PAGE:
Dana Frank, Professor of History Emerita, University of California, Santa Cruz talks to Chris Hedges about America’s complicity in turning Honduras into a failed state, and its geopolitical consequences.
The current mass exodus of people from Central America to the United States, with the daily headline-grabbing stories of numerous children involuntarily separated from their parents, means it’s time to remind my readers once again of one of the primary causes of these periodic mass migrations.
You’ve got to hand it to Hillary Clinton. In 2016, she helped put the right-wing racist, sexist, nativist, authoritarian, and nationalist oligarch Donald Trump in the White House. She and her operatives did this in two ways: (1) by rigging the presidential primaries against the popular progressive Democrat Bernie Sanders, the Democrats’ best chance to prevail over Trump; (2) by mounting a dreadfully uninspiring and transparently tone-deaf, neoliberal general election campaign – a reflection of her massive funding by the nation’s corporate and financial establishment, including big business money normally slated for Republican presidential candidates.
The anti-Russian/anti-Soviet bias in the American media appears to have no limit. You would think that they would have enough self-awareness and enough journalistic integrity -– just enough -– to be concerned about their image. But it keeps on coming, piled higher and deeper.
“Why, sometimes I’ve believed as many as six impossible things before breakfast.” – Alice in Wonderland
“Since Yalta, we have a long list of times we’ve tried to engage positively with Russia. We have a relatively short list of successes in that regard.” – General James Mattis, the new Secretary of Defense 1
American exceptionalism presents an election made in hell
If the American presidential election winds up with Hillary Clinton vs. Donald Trump, and my passport is confiscated, and I’m somehow FORCED to choose one or the other, or I’m PAID to do so, paid well … I would vote for Trump.
Adrienne Pine: 40 Honduran scholars, supported by 300 academics from 29 countries, sent a letter to President Obama demanding the end of U.S. support for Honduran military and police training—and that the war on drugs is not a rationale for supporting a regime that is violently suppressing its own people.
“Celac is the greatest event in the last 200 years.” – Raul Castro, President of the Council of State Cuba
“The OAS is the meeting of the colonies with their empire, while the CELAC is the summit of peer countries in search of joint development, through the value of solidarity.” – Nicmer Evans, International Affairs Analyst
“Nobody messes with Venezuela. Venezuela must be respected.”
— Rafael Ramirez, Venezuelan Energy Minister
I am in Caracas, Vz today (May 29th–Casey’s birthday)—a country I love and a people that I support with all my heart in their struggle against US imperialism and corporate interests so they can make their own lives better.
Workers, students and activists have held a month-long general strike in Honduras to protest repression by the government of President Porfirio Lobo. Lobo came to power following elections under the regime of Roberto Micheletti, who seized power in a violent military coup against democratically elected President Manuel Zelaya in June 2009. Honduras is one of the world’s most violent countries, with a homicide rate four times higher than in Mexico, according to national statistics. In 2010, Honduras became the most dangerous country in the world for journalists, with this March being the deadliest month on record.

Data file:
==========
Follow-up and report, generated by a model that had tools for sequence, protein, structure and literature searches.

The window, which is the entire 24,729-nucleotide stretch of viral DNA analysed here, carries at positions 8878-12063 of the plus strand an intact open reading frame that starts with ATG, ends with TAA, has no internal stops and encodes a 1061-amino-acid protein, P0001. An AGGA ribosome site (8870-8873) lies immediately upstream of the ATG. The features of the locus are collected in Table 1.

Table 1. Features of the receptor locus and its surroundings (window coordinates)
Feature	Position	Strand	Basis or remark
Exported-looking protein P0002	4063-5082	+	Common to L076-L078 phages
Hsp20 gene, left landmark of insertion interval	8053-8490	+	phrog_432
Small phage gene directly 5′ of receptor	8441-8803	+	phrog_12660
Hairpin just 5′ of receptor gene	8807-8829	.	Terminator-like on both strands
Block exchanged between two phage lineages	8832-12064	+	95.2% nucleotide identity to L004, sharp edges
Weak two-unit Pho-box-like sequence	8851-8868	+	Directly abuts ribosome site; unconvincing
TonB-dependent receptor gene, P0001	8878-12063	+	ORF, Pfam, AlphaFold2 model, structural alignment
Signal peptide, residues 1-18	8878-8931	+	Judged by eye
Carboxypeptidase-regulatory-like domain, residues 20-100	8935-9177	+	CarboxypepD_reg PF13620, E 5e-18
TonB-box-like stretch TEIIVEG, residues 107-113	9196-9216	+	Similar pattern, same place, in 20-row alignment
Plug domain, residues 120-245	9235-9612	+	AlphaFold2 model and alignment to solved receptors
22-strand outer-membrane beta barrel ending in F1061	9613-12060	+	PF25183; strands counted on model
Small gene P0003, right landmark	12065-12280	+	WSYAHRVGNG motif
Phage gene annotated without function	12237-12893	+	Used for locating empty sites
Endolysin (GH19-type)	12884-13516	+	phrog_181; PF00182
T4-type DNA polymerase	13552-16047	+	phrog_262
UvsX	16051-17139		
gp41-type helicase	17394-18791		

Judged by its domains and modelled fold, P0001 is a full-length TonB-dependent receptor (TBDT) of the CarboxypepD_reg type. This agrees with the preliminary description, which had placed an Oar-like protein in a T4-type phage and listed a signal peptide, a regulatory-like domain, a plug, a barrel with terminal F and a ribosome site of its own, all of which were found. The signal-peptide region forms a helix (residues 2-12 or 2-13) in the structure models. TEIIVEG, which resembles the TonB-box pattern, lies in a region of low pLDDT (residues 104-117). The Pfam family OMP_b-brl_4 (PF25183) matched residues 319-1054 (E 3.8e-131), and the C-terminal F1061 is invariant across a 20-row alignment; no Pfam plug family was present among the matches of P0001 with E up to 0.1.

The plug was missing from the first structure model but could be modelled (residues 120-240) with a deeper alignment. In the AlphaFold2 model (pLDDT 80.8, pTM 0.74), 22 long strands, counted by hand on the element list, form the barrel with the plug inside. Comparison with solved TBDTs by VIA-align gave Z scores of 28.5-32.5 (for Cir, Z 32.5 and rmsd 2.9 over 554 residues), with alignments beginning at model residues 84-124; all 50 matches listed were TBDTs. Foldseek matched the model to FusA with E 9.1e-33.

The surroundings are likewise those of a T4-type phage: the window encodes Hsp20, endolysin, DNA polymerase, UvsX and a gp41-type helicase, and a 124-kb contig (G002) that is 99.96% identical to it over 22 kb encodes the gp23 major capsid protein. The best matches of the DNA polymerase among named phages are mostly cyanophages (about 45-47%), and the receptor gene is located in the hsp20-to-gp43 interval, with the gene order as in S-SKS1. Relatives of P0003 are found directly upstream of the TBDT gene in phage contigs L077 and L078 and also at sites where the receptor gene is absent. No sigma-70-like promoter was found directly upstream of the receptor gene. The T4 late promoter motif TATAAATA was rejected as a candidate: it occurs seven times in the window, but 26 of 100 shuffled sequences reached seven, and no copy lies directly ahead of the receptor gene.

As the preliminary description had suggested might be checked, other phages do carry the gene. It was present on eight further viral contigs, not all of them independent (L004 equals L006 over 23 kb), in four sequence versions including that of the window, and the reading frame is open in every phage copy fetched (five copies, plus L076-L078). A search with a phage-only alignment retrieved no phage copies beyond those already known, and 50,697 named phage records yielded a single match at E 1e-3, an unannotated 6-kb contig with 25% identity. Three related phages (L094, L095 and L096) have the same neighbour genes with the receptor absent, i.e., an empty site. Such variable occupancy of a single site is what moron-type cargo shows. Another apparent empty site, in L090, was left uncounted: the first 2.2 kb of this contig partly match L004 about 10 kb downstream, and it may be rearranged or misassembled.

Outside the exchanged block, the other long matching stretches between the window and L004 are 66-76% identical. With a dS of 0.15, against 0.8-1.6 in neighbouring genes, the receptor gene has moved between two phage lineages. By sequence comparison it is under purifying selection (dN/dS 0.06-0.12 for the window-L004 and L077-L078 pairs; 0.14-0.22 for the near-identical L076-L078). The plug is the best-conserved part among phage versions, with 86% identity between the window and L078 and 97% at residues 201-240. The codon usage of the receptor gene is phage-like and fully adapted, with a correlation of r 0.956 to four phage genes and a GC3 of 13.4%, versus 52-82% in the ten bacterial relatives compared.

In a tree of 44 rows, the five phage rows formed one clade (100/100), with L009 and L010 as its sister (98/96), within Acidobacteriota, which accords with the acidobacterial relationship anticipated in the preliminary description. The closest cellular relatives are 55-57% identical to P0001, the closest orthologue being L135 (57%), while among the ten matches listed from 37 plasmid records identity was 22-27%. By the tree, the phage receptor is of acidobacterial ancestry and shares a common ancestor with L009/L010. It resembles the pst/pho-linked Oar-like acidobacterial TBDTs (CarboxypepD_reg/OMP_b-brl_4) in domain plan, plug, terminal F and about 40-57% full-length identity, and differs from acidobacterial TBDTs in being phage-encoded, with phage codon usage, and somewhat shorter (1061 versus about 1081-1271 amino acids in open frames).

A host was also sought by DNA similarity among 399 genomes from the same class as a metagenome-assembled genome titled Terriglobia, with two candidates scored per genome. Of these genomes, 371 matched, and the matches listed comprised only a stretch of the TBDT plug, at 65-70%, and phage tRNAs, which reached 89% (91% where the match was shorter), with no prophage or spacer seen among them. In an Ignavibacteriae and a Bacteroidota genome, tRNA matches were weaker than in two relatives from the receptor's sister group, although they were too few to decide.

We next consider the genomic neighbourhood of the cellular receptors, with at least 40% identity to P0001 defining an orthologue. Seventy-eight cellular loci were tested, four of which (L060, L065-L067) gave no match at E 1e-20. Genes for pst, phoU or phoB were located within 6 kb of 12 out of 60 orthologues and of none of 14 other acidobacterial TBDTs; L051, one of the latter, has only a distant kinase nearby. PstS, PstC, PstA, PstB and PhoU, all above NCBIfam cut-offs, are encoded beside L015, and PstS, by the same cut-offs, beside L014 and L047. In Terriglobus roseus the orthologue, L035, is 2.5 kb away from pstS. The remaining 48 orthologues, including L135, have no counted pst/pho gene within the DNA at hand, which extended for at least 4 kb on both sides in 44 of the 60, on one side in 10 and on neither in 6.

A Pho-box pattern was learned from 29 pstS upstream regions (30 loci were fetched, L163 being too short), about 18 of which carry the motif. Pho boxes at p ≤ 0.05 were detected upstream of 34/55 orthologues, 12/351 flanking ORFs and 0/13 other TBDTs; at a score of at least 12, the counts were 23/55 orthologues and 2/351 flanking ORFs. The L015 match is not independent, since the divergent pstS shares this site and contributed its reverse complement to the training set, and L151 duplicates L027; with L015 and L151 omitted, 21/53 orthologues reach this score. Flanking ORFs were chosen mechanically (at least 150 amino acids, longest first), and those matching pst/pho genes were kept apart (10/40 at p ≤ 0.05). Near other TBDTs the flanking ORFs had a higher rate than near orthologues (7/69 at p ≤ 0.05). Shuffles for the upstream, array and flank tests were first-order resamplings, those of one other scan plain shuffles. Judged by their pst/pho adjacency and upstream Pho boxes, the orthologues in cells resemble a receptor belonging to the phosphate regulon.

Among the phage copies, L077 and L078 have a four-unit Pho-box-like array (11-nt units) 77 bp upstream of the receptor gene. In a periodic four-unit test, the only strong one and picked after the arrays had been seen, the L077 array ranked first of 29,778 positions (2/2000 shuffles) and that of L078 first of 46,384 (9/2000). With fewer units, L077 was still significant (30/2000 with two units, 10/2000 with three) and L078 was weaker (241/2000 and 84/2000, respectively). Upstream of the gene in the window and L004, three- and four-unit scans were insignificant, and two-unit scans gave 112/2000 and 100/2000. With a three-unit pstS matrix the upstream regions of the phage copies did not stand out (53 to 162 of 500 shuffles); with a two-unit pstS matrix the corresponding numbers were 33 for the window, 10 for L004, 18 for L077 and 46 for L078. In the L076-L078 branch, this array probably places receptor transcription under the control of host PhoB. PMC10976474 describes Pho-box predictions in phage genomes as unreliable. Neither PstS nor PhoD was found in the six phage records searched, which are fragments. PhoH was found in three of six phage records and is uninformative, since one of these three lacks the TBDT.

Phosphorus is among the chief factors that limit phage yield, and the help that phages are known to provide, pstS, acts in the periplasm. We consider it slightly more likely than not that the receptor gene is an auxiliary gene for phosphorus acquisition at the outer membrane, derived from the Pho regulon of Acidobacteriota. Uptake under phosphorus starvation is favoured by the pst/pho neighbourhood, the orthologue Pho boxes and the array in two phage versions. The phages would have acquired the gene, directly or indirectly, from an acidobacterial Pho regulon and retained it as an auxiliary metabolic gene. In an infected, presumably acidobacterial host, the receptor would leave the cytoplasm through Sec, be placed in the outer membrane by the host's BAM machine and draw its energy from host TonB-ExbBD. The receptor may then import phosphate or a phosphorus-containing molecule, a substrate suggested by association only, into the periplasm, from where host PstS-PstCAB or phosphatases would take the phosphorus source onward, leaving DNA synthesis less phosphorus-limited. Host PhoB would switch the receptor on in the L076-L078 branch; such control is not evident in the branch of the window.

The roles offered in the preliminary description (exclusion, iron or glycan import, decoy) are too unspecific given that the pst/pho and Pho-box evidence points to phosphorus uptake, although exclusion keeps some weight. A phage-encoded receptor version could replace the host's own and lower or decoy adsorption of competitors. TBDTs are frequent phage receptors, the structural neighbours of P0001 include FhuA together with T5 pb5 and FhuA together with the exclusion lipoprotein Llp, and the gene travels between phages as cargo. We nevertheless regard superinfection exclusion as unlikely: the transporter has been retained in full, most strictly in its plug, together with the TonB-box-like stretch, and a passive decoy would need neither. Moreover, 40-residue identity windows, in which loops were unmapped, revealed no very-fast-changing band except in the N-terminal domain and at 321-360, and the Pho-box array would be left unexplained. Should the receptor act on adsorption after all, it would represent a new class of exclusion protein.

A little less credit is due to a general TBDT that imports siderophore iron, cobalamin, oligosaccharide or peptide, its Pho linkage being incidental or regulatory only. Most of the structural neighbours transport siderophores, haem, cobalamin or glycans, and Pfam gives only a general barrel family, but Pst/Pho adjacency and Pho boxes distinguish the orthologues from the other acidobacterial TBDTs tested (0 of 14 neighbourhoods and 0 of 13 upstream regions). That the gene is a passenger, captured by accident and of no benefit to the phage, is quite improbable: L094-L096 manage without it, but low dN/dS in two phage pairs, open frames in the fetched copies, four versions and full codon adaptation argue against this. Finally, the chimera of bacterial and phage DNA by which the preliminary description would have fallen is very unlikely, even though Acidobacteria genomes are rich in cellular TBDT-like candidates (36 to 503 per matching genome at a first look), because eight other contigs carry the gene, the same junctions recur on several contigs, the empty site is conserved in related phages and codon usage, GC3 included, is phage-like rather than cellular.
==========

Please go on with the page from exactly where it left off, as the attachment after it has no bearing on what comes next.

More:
We speak to Gerardo Torres, an independent journalist and a leading member of the National Front of Popular Resistance in Honduras. [includes rush transcript]
Wednesday was a national day of action in Honduras as teachers, students, and members of the National People’s Resistance Front took part in a third week of actions against the privatization of education. Students of the National Autonomous University in the capital of Tegucigalpa occupied the campus and the surrounding streets. They were then attacked by riot squads launching tear gas and rocks, and by two tanks that fire water mixed with pepper spray. The police entered the campus grounds from a back entrance before being repelled by hundreds students throwing rocks.
It marked the second time in one week that the police entered the university, breaking a Honduran law that prohibits the presence of police or military on Honduran university campuses.
El miércoles fue un día nacional de acción en Honduras. Profesores, estudiantes y miembros del Frente Nacional de Resistencia Popular participaron en una tercera semana de acciones contra la privatización de la educación. Los estudiantes de la Universidad Nacional Autónoma en la capital de Tegucigalpa tomaron el campus y la calle cercana. Fueron atacados por la policia antimotines con gaz lagrimogena. Miembros de la policía entró el campus de la entrada trasera antes de ser repelidos por cientos de estudiantes tirando piedras.
Por segunda vez en una semana la policía se metio en la universidad, rompiendo una ley hondureña que prohíbe la presencia de policías y militares en los predios universitarios del pais.
After the President of Ecuador was injured in what he called an attempted Coup D’état, Congressman Dennis Kucinich (D-OH) today wrote to President Obama, urging him to make it clear that the United States will only recognize the democratically elected government of Ecuador led by President Rafael Correa.
Follow @Evagolinger on Twitter for up to the minute updates on the Ecuador situation.
A third coup d’etat is underway against a nation member of the Bolivarian Alliance of the Americas (ALBA), a Latin American bloc of nations that opposes US hegemony in the region and has created new mechanisms for trade and integration based on principles of solidarity and independence from imperial powers.